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Personal chef service, no invoice

(post, Alex Davis)

The bad news keeps on coming. I should feel chastened, anxiously death-gripping my wallet, only to splurge on a vat of marked-down peanut butter or perhaps a head of cabbage. But instead, the terrible economic news seems to inspire a certain defiance in me. When it comes to food, sacrifice is not my specialty.

Enter the dinner co-op, a tried-and-true life strategy that can ensure that you eat like a king on a pauper’s pittance. A dinner co-op is a small, geographically close circle of cooks who alternate cooking and delivering weeknight meals. You cook only once a week, but in exchange, you receive dinner two or three other nights. 

Can you save money by being in a dinner co-op? Yes, but it’s less about net savings and more about greatly enhancing what you get for your money. A dinner co-op can help you get the most value from for your weekly effort in the kitchen, while ensuring room in the family food budget for some spectacular ingredients. Here’s an example for how $100 might be spent during the week to feed a family of four. 

|!Old way|||
|Trip to the supermarket|$75|(Includes 4 dinner ideas)|
|Pizza joint Friday night|$25|
|!Total|!$100|
| | |
|!Co-op way||
|Gourmet store/butcher|$40|
|Farmers market|$25|
|Bakery|$10|
|Pizza joint Friday night|$25|
|!Total|!$100|

You can see that in the dinner co-op model, the same $100 buys a heightened culinary experience with higher-quality ingredients. Savings from buying in bulk add up, too — and you actually get to use everything up and don’t need to store it.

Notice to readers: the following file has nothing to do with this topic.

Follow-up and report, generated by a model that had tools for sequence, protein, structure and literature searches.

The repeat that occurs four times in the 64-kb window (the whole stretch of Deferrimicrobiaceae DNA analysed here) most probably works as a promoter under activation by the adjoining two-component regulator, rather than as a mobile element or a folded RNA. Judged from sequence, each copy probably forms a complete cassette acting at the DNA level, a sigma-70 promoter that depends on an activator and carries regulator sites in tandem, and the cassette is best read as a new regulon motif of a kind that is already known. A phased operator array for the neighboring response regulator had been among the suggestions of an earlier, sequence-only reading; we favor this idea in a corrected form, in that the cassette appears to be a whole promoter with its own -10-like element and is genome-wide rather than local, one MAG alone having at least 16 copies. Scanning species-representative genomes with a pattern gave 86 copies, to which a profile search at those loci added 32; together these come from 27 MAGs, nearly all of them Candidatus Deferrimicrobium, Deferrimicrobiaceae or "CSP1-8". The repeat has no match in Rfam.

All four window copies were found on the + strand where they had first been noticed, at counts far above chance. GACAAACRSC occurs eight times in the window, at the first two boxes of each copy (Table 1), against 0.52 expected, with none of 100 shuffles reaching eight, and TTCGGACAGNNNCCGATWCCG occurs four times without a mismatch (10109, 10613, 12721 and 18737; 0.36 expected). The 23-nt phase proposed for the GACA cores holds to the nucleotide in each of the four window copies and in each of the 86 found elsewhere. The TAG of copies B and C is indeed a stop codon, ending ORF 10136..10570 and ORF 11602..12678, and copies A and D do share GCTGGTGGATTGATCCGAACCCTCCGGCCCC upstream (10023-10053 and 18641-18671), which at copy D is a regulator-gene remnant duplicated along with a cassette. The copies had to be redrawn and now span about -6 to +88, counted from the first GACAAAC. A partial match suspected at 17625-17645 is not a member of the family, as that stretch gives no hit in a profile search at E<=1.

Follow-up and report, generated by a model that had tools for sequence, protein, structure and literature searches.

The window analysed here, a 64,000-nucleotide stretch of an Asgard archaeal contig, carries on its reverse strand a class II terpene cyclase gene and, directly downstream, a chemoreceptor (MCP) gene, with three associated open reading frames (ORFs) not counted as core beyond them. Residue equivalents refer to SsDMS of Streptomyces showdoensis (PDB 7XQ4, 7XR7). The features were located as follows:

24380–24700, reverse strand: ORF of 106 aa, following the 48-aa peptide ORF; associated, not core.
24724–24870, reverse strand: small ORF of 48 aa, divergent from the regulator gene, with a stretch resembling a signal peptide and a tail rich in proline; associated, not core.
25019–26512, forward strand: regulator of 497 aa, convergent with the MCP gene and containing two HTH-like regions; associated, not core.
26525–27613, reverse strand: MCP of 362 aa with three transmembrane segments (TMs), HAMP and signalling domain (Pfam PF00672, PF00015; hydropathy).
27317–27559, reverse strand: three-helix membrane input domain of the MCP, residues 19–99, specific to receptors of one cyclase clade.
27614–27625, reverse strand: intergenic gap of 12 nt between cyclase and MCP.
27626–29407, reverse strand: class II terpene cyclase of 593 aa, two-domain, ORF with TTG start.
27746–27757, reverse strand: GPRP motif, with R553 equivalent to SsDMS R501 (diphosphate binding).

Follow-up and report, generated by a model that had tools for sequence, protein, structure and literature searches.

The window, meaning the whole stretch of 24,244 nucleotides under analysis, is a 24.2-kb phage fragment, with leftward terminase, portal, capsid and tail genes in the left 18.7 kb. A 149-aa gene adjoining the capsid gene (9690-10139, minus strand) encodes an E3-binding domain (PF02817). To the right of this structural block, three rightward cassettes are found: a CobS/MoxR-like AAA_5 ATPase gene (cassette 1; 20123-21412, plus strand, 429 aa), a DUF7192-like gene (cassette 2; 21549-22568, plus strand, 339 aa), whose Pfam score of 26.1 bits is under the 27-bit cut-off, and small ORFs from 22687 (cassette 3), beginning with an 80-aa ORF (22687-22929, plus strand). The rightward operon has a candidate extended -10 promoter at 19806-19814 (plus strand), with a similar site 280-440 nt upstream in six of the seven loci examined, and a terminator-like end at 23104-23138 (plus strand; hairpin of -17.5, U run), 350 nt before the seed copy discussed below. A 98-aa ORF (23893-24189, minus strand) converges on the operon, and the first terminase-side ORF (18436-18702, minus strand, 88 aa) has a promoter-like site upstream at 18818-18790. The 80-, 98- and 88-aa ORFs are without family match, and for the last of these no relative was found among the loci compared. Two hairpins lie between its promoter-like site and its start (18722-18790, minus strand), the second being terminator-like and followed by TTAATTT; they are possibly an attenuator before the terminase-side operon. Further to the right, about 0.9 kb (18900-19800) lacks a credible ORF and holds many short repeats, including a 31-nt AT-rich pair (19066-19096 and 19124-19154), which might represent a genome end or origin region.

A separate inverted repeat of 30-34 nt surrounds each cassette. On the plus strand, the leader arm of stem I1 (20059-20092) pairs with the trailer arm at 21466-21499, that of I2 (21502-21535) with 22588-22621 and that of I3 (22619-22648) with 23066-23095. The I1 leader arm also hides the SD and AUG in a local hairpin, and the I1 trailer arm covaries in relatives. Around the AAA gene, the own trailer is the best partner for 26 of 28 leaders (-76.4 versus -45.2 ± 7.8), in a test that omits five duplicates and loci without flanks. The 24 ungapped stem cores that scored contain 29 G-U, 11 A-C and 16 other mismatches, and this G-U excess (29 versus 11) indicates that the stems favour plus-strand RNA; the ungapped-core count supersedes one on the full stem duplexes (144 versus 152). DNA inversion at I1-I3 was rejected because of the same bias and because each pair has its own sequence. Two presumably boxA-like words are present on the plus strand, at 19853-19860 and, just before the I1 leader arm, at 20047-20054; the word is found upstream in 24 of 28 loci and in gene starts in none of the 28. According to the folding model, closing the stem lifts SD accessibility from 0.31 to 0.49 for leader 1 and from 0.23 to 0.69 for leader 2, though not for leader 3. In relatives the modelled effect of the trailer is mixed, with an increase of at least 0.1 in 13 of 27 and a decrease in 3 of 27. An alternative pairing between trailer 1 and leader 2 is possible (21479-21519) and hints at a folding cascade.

[%image reference-image float=left width=400 caption="You food budget goes farther with a dinner co-op."] 

Your time is money. In a dinner co-op, you are now free from expensive convenience foods. (“Real food” has now become convenient.) Say goodbye to the before-dinner dash to the market for something fast but lame. It’s 5:30, and the cupboards are bare? No problem — dinner is on the way. 

Belonging to a dinner co-op is like having a team of personal chefs — but the invoice never comes. We're eating homegrown vegetables that somebody else grew, and enjoying gourmet food that somebody else shopped for, prepared, and delivered to our door. Our personal likes and dislikes are accommodated, and we don't pay a dime.

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If your family has fallen into the expensive habit of restaurant dining on weeknights, a dinner co-op can help you instantly break that habit. Imagine the benefits on a huge scale: Instead of a family dropping $50 for one mediocre meal at Applebee's, they can spend that money on high-quality meats, fish, and fresh vegetables at the market to cook one amazing recipe. That single meal will effectively "buy" them two or three more dinners delivered for free.

We can now afford to serve Lamb Chops with Mint-Orange Crust or Crab-Corn Chowder made with fresh lump crabmeat. And since we only cook once a week, we can find the extra time to prepare fabulous healthy meals that require a little more effort, such as Shepherd’s Pie with Curried Spinach, Portobello Polenta with Wine and Figs, and Creamy Pesto Pizza with Zucchini Ribbons (recipes available in Dinner at Your Door).

So yeah, co-op cooks read the paper with all its bad news. But when it’s time to sit down to dinner, we prefer to live in la-la land.


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